Pick the right Poop Bags

DOG POOP BAGS

We love our pets. But we don’t like the poop from them, right?  Leaving your pets’ poop lying everywhere in the home poses a risk to your health and therefore an adequate dog waste management and disposal method needs to be adopted by you as the pet owner.  With the advent of poop bags, I don’t think there’s an excuse of leaving your faithful animal friend pooping everywhere around the homestead.

  • Choosing the right type

Which type of a poop bag is the most appropriate for you?  In order to reach a decision on which type of poop bag you’ll purchase, you should be able to know whether you are going to use it at home in the event of an accident or when you are walking your dog at the park.

  • Factors to consider

Before buying that poop bag for your dog, you must consider the following factors.

  • Type of material

Some dog poop bags are made of plastic which is non-biodegradable and others are made of material that is more environmentally friendly.

  • Thickness

How thick the material is will determine your convenience especially when taking your dog for a walk.

  • Odor

Dog poop obviously has a foul smell so you wouldn’t want to carry around a stinking mess when on a walk. Some dog poop bags are scented to conceal the bad odor.

  • Types of dog poop bags

Yes they also come in different types and they vary according to their environmental friendliness and convenience for each dog owner.

  • Handle or No Handle

Bags can come in 2 styles; with tie handles or no handle. This can be important when picking up the poop.

  • Unscented

These are made of any material but the most common thing is that they are not popular because of the stink that is likely to be a put off.

  • Scented

Are you one of those who like to take a walk along with their pets? Then these ones are for you. They are usually laced with a fresh powdered scent so as to mask the odor from the poop.

  • Dispenser bags

These bags consist of a unique hook on the back that makes them convenient to carry along.

So there you are. Whatever your choice of a poop bag, the underlying thing is that proper disposal should be a priority in order to protect the environment and your health from adverse effects that dog poop can bring. Next time, try and consider using discount dog poop bags as a option

 

 

 

Spring is in the air

The latest scoop – and I hope you do – on your dog.
Well spring has sprung and now more then ever it is so pleasant to take your dog for a walk or just let him/her run outside and get rid of all that energy.  However, spring has many hazards for your dog.  Here are some of the most important:
    1.    Ticks are an ever present danger for your dogs.  They are easily picked up and can be the source of many illnesses.  The best way to counteract this is prevention.  Of course, this can be discussed with your vet.    There are many preventative remedies to be found.  But.  Beware of false claims.
2.    Heartworm disease again can be easily contracted; it is transmitted by mosquitoes.  It is a serious disease that mainly affects the heart and lungs.  It can also affect the liver, kidneys, eyes and central nervous system.  If untreated it can kill your dog.  Again consult your vet. for treatment, vaccination.  Don’t leave it too late.
3.    This is the time when many people, like me, are fertilizing our gardens.  Fertilizers contain many potentially, toxic chemicals.  There are now, however, some pet friendly fertilizers on the market.  Read the directions first.  Also beware of pesticides, fungicides and herbicides.  Be especially careful in your use of slug bait.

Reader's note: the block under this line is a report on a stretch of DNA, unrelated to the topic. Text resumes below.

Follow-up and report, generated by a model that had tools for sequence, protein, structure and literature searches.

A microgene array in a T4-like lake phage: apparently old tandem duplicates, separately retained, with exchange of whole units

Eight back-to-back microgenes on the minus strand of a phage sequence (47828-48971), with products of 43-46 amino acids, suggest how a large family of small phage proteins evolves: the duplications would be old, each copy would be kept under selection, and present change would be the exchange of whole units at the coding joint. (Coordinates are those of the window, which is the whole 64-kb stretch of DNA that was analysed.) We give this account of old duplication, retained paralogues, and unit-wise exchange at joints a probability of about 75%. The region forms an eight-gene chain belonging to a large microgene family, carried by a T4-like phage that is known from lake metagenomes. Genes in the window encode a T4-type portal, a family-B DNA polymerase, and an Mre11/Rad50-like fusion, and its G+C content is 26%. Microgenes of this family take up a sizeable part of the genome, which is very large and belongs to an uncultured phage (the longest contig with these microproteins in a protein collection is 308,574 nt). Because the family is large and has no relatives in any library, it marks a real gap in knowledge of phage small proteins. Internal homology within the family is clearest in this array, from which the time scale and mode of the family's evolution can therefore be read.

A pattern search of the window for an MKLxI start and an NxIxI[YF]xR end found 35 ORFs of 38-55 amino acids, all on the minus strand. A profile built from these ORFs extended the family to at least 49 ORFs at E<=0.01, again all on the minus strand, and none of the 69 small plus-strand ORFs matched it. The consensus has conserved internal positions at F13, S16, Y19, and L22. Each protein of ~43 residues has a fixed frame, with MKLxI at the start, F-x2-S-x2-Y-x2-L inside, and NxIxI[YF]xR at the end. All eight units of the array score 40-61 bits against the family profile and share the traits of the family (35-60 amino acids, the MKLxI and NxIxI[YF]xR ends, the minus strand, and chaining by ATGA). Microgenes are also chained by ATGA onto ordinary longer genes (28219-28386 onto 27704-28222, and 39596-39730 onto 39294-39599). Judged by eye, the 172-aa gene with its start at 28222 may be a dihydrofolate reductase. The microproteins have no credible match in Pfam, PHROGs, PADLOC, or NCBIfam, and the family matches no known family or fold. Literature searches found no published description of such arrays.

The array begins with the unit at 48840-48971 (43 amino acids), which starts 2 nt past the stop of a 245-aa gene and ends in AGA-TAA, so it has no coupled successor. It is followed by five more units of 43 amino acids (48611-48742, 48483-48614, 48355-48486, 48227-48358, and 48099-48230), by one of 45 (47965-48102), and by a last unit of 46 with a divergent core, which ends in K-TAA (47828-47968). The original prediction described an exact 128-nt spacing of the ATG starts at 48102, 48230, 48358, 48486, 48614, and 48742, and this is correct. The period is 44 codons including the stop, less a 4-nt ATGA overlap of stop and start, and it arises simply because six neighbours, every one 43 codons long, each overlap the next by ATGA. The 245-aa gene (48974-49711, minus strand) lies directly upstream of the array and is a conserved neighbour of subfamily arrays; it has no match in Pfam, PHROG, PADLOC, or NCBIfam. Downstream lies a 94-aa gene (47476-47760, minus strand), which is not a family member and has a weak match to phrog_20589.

4.    Although bees are our friends and there appears to be  problems within the bee population, they can be vey harmful to your dog.  How many times have I seen Roversnapping at bees only to catch and swallow one.  If your dog romps  into a bee nest and is stung by many bees, then it is time to take him/her to your vet,  post haste.
5.    Beware of thawing ice and swollen creeks.  It is best to keep your dog on a leash when dangerous, streams ponds are in the vicinity.
I think the underlying fact here is that you should have a healthy relationship with your vet and take your pet see him/her for regular check-ups.

P.P.P* Pick up your pet’s poop.

P.P.P* Pick up your pet’s poop.

Have you ever been strolling along on a nice, sunny spring day, only to be halted in your tracks when your eye catches a neatly tied, full poop bag? Perhaps right in front of you on the sidewalk, on the boulevard or thrown carelessly against a lamp post or under a hedge. How disgusting is this? And you think, who would go to all the trouble of carrying a poop bag, do the responsible thing of scooping up and then NOT disposing it correctly in a sanitary way? Who indeed?
There is also another problem on the rise – the winter counterpart of this. That is the person who believes that by leaving the poop on the snow, it will melt away in the spring. However, the result of this rather inconsiderate behaviour can be quite alarming. Although the actual poop may eventually disappear, the eggs contained within the fecal matter, never do! The problem here is that when he eggs from the parasites within the fecal matter become infected they constitute a serious health hazard. Specific larvae can hatch, easily get passed on to people, particularly children who tend to play in these areas. The children then pick up these organisms which can travel through their organisms leading to a banquet of of health problems.
This is why many municipalities are passing ordinances designed to reduce this kind of reckless activity Should this be necessary? Do we only do the right thing in fear of “bad” consequences?
Surely, all that is needed is a bit of forethought and consideration. Then all this can be avoided.

P.P.P* Pick up your pet’s poop.